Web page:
By far the most important consequence of sitting out the rankings game, however, is the freedom to pursue our own educational philosophy, not that of some newsmagazine. Consider, for example, the relative importance of standardized tests. The SAT or ACT scores of entering freshmen make up half of the important "student selectivity" score in the U.S. News formula. Although we at Reed find SAT and ACT scores useful, they receive a good deal less weight in our admissions process. We have found that high school performance (which we measure by a complex formula that weighs GPA, class rank, quality and difficulty of courses, quality of the high school, counselor evaluation, and so forth) is a much better predictor of performance at Reed. Likewise, we have found that the quality of a student's application essay and other "soft variables," such as character, involvement, and intellectual curiosity, are just as important as the "hard variables" that provide the sole basis for the U.S. News rankings. We are free to admit the students we think will thrive at Reed and contribute to its intellectual atmosphere, rather than those we think will elevate our standing on U.S. News's list.
U.S. News also gives very substantial weight (25 percent of its overall formula) to student-retention and graduation rates. But it is far from clear that high student retention is the unmixed blessing implied by that formula. Rewarding high retention and graduation rates encourages schools to focus on pleasing students rather than on pushing them. Pleasing students can mean superb educational programs precisely tailored to their needs; but it can also mean dumbing down graduation requirements, lessening educational rigor, inflating grades, and emphasizing nonacademic amenities. At Reed we have felt free to pursue an educational philosophy that maintains rigor and structure—including a strong core curriculum in the humanities, extensive distribution requirements, a junior qualifying examination in one's major, a required senior thesis, uninflated grades (not reported to students unless they request them), heavy workloads, and graduate-level standards in many courses. We have also felt free to resist pressure to provide an expensive and highly selective program of varsity athletics and other nonacademic enticements simply for their marketing advantages. Not surprisingly, our attrition rates, though declining steadily, are higher than those at the highest-ranked schools.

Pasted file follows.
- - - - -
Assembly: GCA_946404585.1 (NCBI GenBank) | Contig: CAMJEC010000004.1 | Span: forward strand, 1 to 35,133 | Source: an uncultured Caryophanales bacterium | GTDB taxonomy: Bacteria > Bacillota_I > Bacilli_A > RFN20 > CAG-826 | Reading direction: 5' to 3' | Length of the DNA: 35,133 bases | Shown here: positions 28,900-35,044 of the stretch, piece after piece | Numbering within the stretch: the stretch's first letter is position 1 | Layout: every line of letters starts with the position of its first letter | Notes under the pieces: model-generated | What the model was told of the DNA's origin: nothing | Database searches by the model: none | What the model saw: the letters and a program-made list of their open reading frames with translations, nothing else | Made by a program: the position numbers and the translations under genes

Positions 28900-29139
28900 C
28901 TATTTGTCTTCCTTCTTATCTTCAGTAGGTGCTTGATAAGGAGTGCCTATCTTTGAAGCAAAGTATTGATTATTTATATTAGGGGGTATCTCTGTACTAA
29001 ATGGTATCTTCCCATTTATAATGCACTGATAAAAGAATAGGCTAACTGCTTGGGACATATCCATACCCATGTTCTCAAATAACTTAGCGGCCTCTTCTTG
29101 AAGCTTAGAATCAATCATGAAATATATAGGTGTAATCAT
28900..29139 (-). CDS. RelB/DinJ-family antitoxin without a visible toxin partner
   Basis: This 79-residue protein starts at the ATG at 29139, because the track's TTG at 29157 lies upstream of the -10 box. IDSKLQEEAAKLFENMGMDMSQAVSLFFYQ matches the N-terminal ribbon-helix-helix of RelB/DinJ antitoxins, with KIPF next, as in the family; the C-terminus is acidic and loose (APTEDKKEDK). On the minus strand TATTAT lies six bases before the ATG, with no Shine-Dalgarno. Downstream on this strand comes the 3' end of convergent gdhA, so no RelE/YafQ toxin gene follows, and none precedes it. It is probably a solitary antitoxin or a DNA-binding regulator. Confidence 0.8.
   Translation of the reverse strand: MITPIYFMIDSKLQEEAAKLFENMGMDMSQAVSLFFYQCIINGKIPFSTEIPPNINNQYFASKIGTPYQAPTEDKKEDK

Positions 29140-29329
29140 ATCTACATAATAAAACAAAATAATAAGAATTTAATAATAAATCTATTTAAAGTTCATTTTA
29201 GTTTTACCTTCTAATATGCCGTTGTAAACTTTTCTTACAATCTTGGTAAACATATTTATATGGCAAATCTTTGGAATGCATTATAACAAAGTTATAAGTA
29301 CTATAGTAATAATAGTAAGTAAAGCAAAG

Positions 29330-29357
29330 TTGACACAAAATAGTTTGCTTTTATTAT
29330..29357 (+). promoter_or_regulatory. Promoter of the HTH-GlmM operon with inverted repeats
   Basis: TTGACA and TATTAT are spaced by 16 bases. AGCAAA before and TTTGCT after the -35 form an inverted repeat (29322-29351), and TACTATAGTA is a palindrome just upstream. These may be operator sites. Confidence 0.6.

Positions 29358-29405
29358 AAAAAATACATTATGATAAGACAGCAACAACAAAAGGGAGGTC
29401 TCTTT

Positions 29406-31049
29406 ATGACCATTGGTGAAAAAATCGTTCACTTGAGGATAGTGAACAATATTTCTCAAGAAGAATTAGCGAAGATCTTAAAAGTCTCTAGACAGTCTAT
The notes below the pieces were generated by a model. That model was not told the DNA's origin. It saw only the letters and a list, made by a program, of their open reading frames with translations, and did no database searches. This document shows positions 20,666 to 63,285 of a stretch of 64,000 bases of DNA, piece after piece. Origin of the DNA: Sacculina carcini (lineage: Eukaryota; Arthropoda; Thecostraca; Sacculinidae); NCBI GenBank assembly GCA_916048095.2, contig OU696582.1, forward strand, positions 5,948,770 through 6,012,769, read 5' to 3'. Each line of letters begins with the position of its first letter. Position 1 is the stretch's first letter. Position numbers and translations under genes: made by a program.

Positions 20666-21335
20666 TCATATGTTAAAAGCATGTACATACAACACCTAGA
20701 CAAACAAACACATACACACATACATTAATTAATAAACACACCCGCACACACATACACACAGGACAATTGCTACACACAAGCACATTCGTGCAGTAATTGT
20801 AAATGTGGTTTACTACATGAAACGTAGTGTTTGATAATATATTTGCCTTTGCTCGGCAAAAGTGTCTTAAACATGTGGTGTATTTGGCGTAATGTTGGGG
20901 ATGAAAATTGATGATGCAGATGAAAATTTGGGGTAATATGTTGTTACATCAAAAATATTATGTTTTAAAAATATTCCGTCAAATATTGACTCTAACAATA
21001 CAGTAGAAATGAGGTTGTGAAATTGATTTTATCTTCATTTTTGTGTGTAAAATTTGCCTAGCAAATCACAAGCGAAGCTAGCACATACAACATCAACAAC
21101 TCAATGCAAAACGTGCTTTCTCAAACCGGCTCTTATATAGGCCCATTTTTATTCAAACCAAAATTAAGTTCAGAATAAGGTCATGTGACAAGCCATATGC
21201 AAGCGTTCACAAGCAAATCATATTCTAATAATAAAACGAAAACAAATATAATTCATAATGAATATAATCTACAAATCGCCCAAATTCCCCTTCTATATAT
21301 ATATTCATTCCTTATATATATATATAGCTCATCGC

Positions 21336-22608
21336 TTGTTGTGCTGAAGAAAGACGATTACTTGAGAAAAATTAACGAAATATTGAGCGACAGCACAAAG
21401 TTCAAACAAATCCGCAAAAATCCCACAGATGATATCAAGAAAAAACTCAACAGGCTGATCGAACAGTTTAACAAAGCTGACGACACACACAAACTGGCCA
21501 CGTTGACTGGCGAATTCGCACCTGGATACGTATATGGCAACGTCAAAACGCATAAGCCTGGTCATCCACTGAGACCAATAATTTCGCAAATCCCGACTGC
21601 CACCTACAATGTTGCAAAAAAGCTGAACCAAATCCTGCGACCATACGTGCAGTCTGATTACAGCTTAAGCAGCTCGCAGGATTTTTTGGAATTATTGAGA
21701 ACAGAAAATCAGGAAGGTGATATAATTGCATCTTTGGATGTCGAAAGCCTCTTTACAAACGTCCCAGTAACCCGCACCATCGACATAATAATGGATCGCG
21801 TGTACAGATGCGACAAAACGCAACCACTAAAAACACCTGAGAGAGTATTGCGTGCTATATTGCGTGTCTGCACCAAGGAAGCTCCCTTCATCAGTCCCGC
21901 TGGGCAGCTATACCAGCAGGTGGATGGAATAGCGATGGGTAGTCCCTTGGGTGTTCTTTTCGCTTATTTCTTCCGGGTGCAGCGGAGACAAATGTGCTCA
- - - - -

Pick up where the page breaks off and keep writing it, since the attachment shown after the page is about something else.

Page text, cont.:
As a rankings holdout Reed is free to appoint talented young teacher-scholars, even if they are still completing their dissertations, without worrying about impairing the college's "proportion of professors with the highest degree in their fields" (a significant component of the U.S. News "faculty resources" index). We are also free to set academic policy without worrying about optimizing a "class size" ranking. (U.S. News gives positive weight to the percentage of classes with fewer than twenty students, and negative weight to the percentage with more than fifty.) Reed's average class size is, to be sure, very small (just below fourteen), reflecting agreement with the educational philosophy implicit in the U.S. News formula. But unlike many of our rankings-sensitive peers, we feel no pressure to use part-time adjunct faculty or teaching assistants as an inexpensive but educationally dubious technique for even further increasing the percentage of small classes. Conversely, we can embrace the educational benefits of combining large lectures with small laboratory sessions in some disciplines.
W hat lesson can be derived from the fact that Reed continues to thrive despite its refusal to cooperate with the U.S. News rankings? Some of my peers speculate that Reed's success has little application to their schools. Only a college as iconoclastic and distinctive as Reed, they argue, could pursue such a strategy and survive. I disagree. To me, our success says something important about the market for higher education as well as about Reed College. Participants in the higher-education marketplace are still looking primarily for academic integrity and quality, not the superficial prestige conferred by commercial rankings. They understand that higher education is not a mass-produced commodity but an artisan-produced, interactive, and individually tailored service of remarkable complexity. Trying to rank institutions of higher education is a little like trying to rank religions or philosophies. The entire enterprise is flawed, not only in detail but also in conception. This is not to say that schools should not be held accountable. Like its peers, Reed submits reams of data to the National Center for Education Statistics, to our accrediting agency, and
Before I came to Reed, I thought I understood two things about college rankings: that they were terrible, and that they were irresistible. I have since learned that I was wrong about one of them.